Trevor Keck is CIVIC’s field fellow, based in Kabul, Afghanistan. He is assessing Afghan National Security Force preparedness to protect civilians after NATO and its allies withdraw.
I’m sitting with the father of a young boy killed in a firefight in Afghanistan. His child was eight years old. He told me his story:
Just before dawn on February 8th, helicopters carrying dozens of French and Afghan troops landed in a remote village in Kapisa province located in northeastern Afghanistan. The soldiers searched the villagers’ homes, reportedly looking for weapons caches. Several hours later, a group of young boys were out herding cattle nearby when the commander of the ground operation called in an airstrike. The boys had stopped to light a fire to keep warm from the brutal Afghan winter temperatures when the bombs struck them. All of the eight boys, who were as young as eight years old and no older than eighteen, were killed.
Abdul only broke his stoic appearance once during our interview to fight back tears. His account of the details of the incident was clinical, but Abdul’s emotions emerged when I asked about his son. “He was a very kind person…my heart is broken,” he said. Aja Mal—Abdul’s son—liked school, and aspired to study in Europe or the United States.
According to Abdul, three generals from the US-led security assistance force (ISAF) came to his village to express their condolences several days after the tragic event. The US, British, and French Generals told him and the other villagers that they didn’t intend to kill the boys, and promised to compensate those who had lost their loved ones. A week later, ISAF’s top commander, General John Allen, expressed his “sincere condolences” and affirmed that ISAF will continue to do everything possible to “ensure the safety of the Afghan population.” To date, Abdul has not received any compensation or assistance for the death of his son.
When I asked Abdul what he wants from ISAF, he was firm but fair. He is willing to accept ISAF’s condolences, provided it is followed by the financial compensation or assistance promised to him by the Generals that visited his village. “In Afghanistan, if someone comes to your home [to apologize] you do not get revenge on them,” he explained. “But we also request them to help the families of those killed…If they don’t help our families, we take it as a sign that they did this intentionally. And then people will raise their guns to fight them.”
An Afghan police officer working alongside international forces, Abdul offers an interesting perspective given reports of distrust and outright animosity between international and Afghan forces. “I told them [ISAF], you are our mentors. As long as you [make] such big mistakes, how can you train our forces to be good professionals and to help our country?” Abdul noted.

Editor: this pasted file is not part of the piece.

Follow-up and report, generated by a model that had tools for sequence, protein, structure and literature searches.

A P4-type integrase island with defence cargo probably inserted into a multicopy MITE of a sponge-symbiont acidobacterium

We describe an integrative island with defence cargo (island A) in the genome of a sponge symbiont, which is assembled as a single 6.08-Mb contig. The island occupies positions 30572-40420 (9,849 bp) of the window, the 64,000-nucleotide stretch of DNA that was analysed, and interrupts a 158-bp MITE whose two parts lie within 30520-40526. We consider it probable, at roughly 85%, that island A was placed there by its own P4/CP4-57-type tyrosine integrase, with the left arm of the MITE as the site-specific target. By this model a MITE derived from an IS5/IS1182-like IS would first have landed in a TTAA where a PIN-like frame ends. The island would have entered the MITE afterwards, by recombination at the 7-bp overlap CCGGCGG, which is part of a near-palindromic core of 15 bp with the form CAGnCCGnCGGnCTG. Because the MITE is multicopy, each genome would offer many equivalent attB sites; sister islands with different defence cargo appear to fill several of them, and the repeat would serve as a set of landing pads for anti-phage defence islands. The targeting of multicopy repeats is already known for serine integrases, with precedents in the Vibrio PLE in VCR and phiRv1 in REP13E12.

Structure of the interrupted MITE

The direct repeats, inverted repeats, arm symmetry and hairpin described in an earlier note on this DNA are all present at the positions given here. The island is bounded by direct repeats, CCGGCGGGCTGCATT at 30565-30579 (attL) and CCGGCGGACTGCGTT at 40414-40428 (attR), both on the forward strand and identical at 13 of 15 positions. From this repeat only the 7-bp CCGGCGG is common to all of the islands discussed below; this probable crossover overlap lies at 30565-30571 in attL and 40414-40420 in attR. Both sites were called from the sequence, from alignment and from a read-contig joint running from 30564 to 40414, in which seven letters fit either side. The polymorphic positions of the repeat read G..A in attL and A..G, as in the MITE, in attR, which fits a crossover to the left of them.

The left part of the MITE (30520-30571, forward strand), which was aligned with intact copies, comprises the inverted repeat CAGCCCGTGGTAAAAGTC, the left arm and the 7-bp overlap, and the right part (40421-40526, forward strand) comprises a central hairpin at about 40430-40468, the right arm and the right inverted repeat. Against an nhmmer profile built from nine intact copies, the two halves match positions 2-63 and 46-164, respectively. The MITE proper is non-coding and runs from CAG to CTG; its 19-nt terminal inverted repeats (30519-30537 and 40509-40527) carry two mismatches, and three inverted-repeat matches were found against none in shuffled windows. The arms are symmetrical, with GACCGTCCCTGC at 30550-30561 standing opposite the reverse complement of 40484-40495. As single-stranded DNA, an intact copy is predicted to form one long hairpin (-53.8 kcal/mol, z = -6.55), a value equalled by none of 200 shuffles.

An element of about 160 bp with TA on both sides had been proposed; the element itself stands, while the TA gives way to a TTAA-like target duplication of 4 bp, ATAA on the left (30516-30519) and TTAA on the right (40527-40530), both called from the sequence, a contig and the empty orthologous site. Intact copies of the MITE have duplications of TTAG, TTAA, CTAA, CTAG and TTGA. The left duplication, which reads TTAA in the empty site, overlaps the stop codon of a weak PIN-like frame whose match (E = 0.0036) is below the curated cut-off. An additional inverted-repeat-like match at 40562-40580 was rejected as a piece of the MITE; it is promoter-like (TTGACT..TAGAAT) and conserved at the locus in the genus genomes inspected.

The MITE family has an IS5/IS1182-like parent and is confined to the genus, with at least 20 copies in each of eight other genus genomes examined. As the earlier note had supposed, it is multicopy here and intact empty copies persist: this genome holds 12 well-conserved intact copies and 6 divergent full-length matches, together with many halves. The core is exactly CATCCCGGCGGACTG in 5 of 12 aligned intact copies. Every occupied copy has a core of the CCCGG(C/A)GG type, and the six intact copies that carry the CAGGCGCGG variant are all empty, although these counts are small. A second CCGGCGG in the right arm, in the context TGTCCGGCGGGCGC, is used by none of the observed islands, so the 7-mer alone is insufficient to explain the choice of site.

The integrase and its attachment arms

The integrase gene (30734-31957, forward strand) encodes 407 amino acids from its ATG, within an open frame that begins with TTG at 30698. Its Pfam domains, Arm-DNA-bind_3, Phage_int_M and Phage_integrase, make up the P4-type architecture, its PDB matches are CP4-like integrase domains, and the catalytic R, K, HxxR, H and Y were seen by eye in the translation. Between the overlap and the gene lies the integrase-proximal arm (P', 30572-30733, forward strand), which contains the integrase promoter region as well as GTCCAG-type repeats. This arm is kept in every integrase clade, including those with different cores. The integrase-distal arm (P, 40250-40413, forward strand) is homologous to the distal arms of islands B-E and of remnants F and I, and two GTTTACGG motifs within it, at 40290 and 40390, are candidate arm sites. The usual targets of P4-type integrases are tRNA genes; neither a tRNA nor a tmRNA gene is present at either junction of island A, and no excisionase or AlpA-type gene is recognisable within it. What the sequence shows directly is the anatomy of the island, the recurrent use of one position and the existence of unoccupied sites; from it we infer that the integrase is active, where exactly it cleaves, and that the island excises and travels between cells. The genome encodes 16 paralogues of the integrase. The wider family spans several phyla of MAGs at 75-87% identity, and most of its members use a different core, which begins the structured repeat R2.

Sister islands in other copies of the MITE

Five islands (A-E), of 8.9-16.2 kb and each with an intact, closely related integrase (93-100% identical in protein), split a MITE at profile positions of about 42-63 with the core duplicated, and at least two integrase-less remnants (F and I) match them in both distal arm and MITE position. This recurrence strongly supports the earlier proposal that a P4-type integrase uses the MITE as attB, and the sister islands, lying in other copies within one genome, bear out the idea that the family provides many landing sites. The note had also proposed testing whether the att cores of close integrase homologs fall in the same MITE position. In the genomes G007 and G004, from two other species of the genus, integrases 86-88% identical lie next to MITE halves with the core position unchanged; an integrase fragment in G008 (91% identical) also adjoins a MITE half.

Abdul echoes the sentiments of other Afghans I have spoken with, who are understandably upset with the increasing rate of civilian deaths in Afghanistan. Even while the vast majority of civilian casualties are caused by insurgents, many Afghans think ISAF should be doing more to prevent civilian harm, and are more critical when international forces kill civilians – even if by mistake.
While ISAF officials were quick to express their regrets in the wake of the Kapisa incident, the international force is still not certain their actions killed the boys. According to ISAF, a secret informant told coalition forces that insurgents were planning to attack the French and Afghan troops in Kapisa. Through binoculars and other “optical equipment,” the troops claim to have spotted “adult sized” men carrying weapons and moving in a tactical fashion. The French forces on the ground reportedly attacked the insurgents, which was followed by an air strike ordered by the ground commander. After the engagement, ISAF reports that the French troops found the young boys amongst other dead bodies, but are still not certain who is to blame for their deaths.
It has now been three weeks since Aja Mal and the other boys were killed. Still, the families of those killed have not received anything from ISAF beyond spoken condolences. Unfortunately, the disparate narratives of the incident leave me cynical about whether Abdul or any of the other families will receive compensation from ISAF. CIVIC’s past research has found that ISAF often does not compensate individuals killed or injured in “hard cases,” where it is not clear that international forces are to blame or where ISAF is not convinced those killed were civilians. The reason is that compensation is often perceived as an admission of fault or responsibility.
Yet, in these so-called “hard cases,” ISAF may gain more by simply providing timely compensation. Fact-finding is incredibly difficult in war zones, and many times investigations will not be determinative in establishing the truth. Waiting for a long drawn-out investigation to finish may anger or alienate the victims, and undermine the positive impact of any compensation eventually issued.
Ex gratia (meaning “by favor” and thus not obligatory) payments need not necessarily be an admission of fault or responsibility. While questions remain over exactly what happened in the Kapisa incident, ISAF is better off making a judgment call and issuing timely compensation to the families of those killed. The ages of these young boys lead me to doubt that they were belligerents. Even if international forces were not responsible for the boys’ deaths, compensation would be an expression of good will. It could also help mitigate tensions amongst Afghans – whom have already decided that ISAF is to blame for the incident – and ensure that Abdul and the other families are compensated for their tragic loss.